Health IT leaders discussed and debated the different trends and challenges around interoperability, and what the future holds at the IHT2 Health IT Summit in Atlanta on Dec. 2.
The panel session, “Driving Interoperability Across Systems,” at the iHT2 Health IT Summit (the Institute for Health Technology Transformation is a sister organization to Healthcare Informatics under the joint umbrella of the Vendome Group, LLC), was moderated by Denise Hines, CEO of Georgia’s eHealth Services Group and executive of the Georgia Health Information Network (GaHIN). Joining Hines on the panel were: Donna Lynch, vice president, clinical informatics, Covenant Health (Knoxville, Tenn.); David Dull, M.D., chief medical officer, St. John’s Health System in the greater Detroit, Mich. area; Jeff Gartland, vice president at RelayHealth (the Alpharetta, Ga.-based McKesson business unit which focused on clinical connectivity); and Steve Rushing, director of health initiatives, Enterprise Innovation Institute, Georgia Tech. Below are excerpts of the panel discussion on interoperability at the Omni Atlanta Hotel at CNN Center, with the questions being asked by Hines.
What are your definitions of interoperability?
Lynch: To me, interoperability means you have a patient-centric tool and process so you can provide the right information to the right provider at the right time so they can make intelligent decisions to improve care. The key is that the patient has to be at the center of it. We have disparate systems and we need to get that information aggregated for the clinical decision support aspect. Whoever that healthcare professional may be, they need the information to improve care.
Gartland: We call it person-centered interoperability. The information needs to follow the patient and the care team regardless of what system they’re in. It’s not about any one system or a given interface or standard. It’s about ensuring that you drive that outcome and empower the patient.
Dull: When I look at interoperability from a clinician’s [standpoint], it has a different nuance. It has to meet the needs of the patient, but as clinician, I need to have all the information in a way I can look at. All of the relevant information to care for the patient needs to be in a form that is usable, functionable, and easy for whoever is the caregiver at that time. When we had paper records, I would get information faxed to me on a form that looked pretty good and was standardized. The quality wasn’t great, but at least it was on a sheet of paper 8.5 x 11. Now, the [other organization] most likely doesn't have a fax machine, and if it does, it's poor quality. The state of interoperability is actually worse than it was when we were on paper.
How are these definitions being applied to your organization’s infrastructure?
Rushing: Id love to see a day when we stop talking about interoperability, but instead intra-operability. There are new organizational enterprises focused on patient-centered care. There is a future in which you might be wearing a part of your clinician's clinic. We are doing work at Georgia Tech where wearables are real, and we are turning that into information that's vital. You cannot afford to buy everyone like we have been doing over past six or seven years. How do we get that intra-operability working in a fashion where we can improve quality and cost?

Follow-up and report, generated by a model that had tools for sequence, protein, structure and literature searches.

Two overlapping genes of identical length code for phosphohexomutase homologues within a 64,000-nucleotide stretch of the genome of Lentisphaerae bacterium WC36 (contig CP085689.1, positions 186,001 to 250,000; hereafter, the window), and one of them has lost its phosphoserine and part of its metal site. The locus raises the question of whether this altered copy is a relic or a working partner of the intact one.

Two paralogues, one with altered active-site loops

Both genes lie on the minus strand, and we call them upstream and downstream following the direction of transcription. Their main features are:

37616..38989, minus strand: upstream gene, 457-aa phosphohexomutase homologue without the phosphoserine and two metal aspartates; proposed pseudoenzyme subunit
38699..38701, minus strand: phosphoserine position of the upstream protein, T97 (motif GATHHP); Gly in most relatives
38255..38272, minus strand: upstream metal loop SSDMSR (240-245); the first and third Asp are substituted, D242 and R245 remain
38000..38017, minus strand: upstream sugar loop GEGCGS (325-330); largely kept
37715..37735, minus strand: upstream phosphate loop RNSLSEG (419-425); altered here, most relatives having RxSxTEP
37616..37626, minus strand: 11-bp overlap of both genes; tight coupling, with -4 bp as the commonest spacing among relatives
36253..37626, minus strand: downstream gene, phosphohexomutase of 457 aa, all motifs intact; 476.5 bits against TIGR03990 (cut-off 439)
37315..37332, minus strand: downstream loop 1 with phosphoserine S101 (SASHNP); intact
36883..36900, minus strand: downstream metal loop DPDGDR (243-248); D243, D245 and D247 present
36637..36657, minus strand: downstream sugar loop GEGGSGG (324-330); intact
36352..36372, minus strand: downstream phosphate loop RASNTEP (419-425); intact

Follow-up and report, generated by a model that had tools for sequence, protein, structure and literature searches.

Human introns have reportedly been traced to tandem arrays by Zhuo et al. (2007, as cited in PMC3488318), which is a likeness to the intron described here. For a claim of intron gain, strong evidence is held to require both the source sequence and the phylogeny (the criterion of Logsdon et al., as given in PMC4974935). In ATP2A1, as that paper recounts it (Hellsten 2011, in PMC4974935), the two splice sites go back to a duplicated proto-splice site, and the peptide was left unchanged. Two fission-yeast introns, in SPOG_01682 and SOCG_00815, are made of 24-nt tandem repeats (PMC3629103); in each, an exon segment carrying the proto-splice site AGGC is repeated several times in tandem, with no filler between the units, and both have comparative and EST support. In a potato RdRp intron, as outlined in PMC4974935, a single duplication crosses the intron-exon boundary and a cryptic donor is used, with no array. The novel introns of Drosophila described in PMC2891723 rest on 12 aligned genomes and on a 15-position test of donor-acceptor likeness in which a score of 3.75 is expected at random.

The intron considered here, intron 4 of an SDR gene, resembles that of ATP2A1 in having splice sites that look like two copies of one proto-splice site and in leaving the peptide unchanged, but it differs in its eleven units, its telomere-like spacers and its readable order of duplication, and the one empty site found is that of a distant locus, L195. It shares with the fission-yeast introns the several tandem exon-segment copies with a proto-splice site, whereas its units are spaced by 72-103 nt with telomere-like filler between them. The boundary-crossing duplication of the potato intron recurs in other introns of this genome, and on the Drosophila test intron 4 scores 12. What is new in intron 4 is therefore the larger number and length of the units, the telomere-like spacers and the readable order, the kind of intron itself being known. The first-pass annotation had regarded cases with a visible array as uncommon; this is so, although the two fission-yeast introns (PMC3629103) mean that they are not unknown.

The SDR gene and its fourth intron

Gartland: When we succeed in this space, conversations won’t be about the bits and bites of interoperability, but about outcomes. You look at the World Wide Web as an example—that wasn’t an overnight success. You don’t think about standards, protocols, or other things going on behind the scenes when you call Uber, look at a website, or send an email. We will get there.
When you talk about FHIR [Fast Healthcare Interoperability Resources], it’s a model past the one of sending around meaningful use-era type documents. It actually gets into granular detail. Using CommonWell as an example since they leverage FHIR: you don’t have to leave your EHR [electronic health record] or RIS [radiology information system]—it’s within the workflow. The complication is that the package in between those workflows is a meaningful use-level document, which most people don't want to hunt and peck through. If you want a medication list only, you don’t want to hunt through all that other stuff. FHIR lets you grab the information that’s important. We had Cerner, athenahealth, and McKesson working together to demonstrate the ability to pass those granular FHIR resources. This way, you can send just the problem or medication, for example, from one system to another.
Lynch: One of the things I hear frequently from our clinicians, as we moved into the EHR world, was that they lost the story of the patient. They don’t know what happened on the last shift. The data is there, but they have to really dig through it. Often they have to ask nurses, who are all overworked anyway. As a result, we’re doing interesting things with natural language processing at Covenant.
Rushing: We are huge supporters of FHIR; we use it in our lab in several projects. It breaks down the barrier of usability that’s been present for so long. It enables people to go back to best-of-breed. We spent a lot of time in the early days doing best-of-breed, and then moved to enterprise systems. Now, when you look at start-ups and around the academia world, we are starting to see best-of-breed. We need to stop thinking about hospitals being walls and quarters—that’s the old economics of scale. Now, its how can we use data to improve outcomes. EHR vendors need to function in that new world.
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